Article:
ASHBURN, Va. — The Washington Redskins dismissed their coach. They haven’t solved their problems.
Washington fired Jay Gruden, 52, on Monday morning and it’s a hard decision to argue. The Redskins are 0-5 this season and haven’t won a playoff game since 2005. They reached the postseason once under Gruden — in 2015 — and his 35-49-1 record in Washington further backed up the need to move on. His firing became inevitable long before the news was announced.
Bill Callahan takes over as interim coach, but the big question remains: Can owner Dan Snyder and team president Bruce Allen, who was hired late during the 2009 season, figure out a way to win? The Redskins are 59-89-1 since Allen arrived.
The Redskins have now fired five coaches during Snyder’s tenure, which began in 1999. He will hire his eighth coach after the season. None of the first seven — including Marty Schottenheimer (one year), Joe Gibbs (four) and Mike Shanahan (four) — had winning records in Washington. That’s one Hall of Fame coach (Gibbs) and two who are debated as being worthy.
Whoever the Redskins hire will join an organization with two playoff wins since Snyder bought the team. Washington has finished last in the division eight times during his ownership.
This year the Redskins, and by extension Gruden, were in trouble before the 2019 season began.
Pro Bowl left tackle Trent Williams remains a holdout, a huge blow to the offense.
Top tight end Jordan Reed suffered a concussion in the third preseason game and hasn’t played.
All of this was a tough mix for Gruden, who had to win immediately. And once the season kicked off, more problems emerged.
Coordinator Greg Manusky’s defense — expected to be a team strength — has struggled badly. Cornerback Josh Norman has not played to his contract and linebacker Ryan Kerrigan, who counts $13.95 million against the cap, has been too quiet on the field. That’s too much money as a group for too little in return.
The Redskins also have been among the most-injured teams over the past three-plus seasons. In 2017 and 2018, for example, 52 players were placed on injured reserve. This season, the Redskins have dealt with numerous injuries again as 10 players are on injured reserve, including starting running back Derrius Guice.
There was clear frustration during the past year, with Gruden feeling a loss of power in key decisions. Some of that was overblown: He was involved in setting free-agency boards as well as draft boards and knew, for example, that Washington would pursue safety Landon Collins and possibly trade for Keenum.
But some of it was true: While the Redskins front office was enamored of Haskins, a local talent, the football people in the building knew it would take a while for him to develop into a starter. The Redskins still selected him 15th overall anyway because, well, they had their orders. You can’t ignore months of scouting and build a winning organization. Whether it was strictly Snyder’s decision or not — and it might be a terrific pick in the long run — it wasn’t one that would benefit a coaching staff in a must-win season. That’s why they wanted someone who could help now. They like Haskins and like working with him, but they placed him in a difficult spot.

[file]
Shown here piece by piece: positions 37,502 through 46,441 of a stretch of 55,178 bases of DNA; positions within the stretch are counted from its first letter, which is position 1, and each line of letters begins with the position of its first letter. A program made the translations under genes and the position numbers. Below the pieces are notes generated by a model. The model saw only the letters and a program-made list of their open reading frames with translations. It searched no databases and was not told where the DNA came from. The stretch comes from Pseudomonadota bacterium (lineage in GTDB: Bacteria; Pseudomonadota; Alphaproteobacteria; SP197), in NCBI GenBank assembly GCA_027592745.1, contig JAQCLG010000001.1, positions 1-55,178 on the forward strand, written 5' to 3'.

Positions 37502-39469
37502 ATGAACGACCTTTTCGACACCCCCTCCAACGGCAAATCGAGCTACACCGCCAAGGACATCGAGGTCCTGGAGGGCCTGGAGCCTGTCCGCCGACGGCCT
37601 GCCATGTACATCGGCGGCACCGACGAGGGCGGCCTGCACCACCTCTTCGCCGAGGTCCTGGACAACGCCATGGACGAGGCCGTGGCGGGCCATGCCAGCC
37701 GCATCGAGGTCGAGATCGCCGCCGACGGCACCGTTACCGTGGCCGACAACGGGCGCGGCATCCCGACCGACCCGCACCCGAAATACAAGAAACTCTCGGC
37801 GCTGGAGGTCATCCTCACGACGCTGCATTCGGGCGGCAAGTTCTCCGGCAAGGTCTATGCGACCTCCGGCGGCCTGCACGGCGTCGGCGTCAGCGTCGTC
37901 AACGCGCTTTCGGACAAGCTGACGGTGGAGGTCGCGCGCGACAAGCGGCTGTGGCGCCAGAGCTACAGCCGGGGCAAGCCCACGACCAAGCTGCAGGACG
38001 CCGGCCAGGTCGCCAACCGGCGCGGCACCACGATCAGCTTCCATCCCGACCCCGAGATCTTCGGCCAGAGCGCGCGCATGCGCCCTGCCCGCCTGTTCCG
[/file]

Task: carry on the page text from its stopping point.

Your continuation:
There were reports Gruden did not want to part with certain players or keep others during final cuts, notably receiver Josh Doctson (cut) and running back Adrian Peterson (kept). And at the end of last season, Gruden said multiple times the Redskins’ front office and coaching staff needed to be “on the same page.”
That said, there is a feeling around the league the Redskins have underachieved — especially on defense, an area where Gruden hurt himself during his tenure. He was, for the most part, hands-off defensively and his defenses generally struggled. Gruden retained Jim Haslett as his defensive coordinator for his first season in 2014, but they parted ways after that season. Wade Phillips was a candidate, but Gruden opted to bring in Joe Barry. That didn’t work out and two years later, Barry was fired. Gruden then hired Manusky, a coach players respect. That move also has failed to produce the desired results.
Gruden is considered a strong offensive mind by executives and players, but under him the Redskins often hurt themselves with penalties and undisciplined play. Though players liked him, some pointed to issues with accountability — one former Redskin said some fines, for example, were not collected while those levied against players who coaches knew it wouldn’t affect, were collected. Other players wanted more transparency from the coaching staff about decisions that affected them. And Gruden’s blunt honesty during news conferences would occasionally get him in trouble.
The Redskins are at a precarious point in their franchise history. Here’s a team whose fan base has been mired in a mix of apathy and anger, causing attendance and TV ratings to drop. It has been a decade in the making and there’s a lot of work to be done to reverse that slide — work that goes beyond just firing the coach.
This isn’t about Snyder’s meddling; heck, he gave Gruden five-plus years, more time than any other head coach he has employed. This is all about knowing how to put together a winning organization. Based on one simple fact — the Redskins’ two-decade record of 139-185-1 under Snyder — they have failed to do so.
They fired Gruden; it’s a coaching move Snyder has done in the past. Now, once more, comes the hard part: Finding someone who can win in Washington.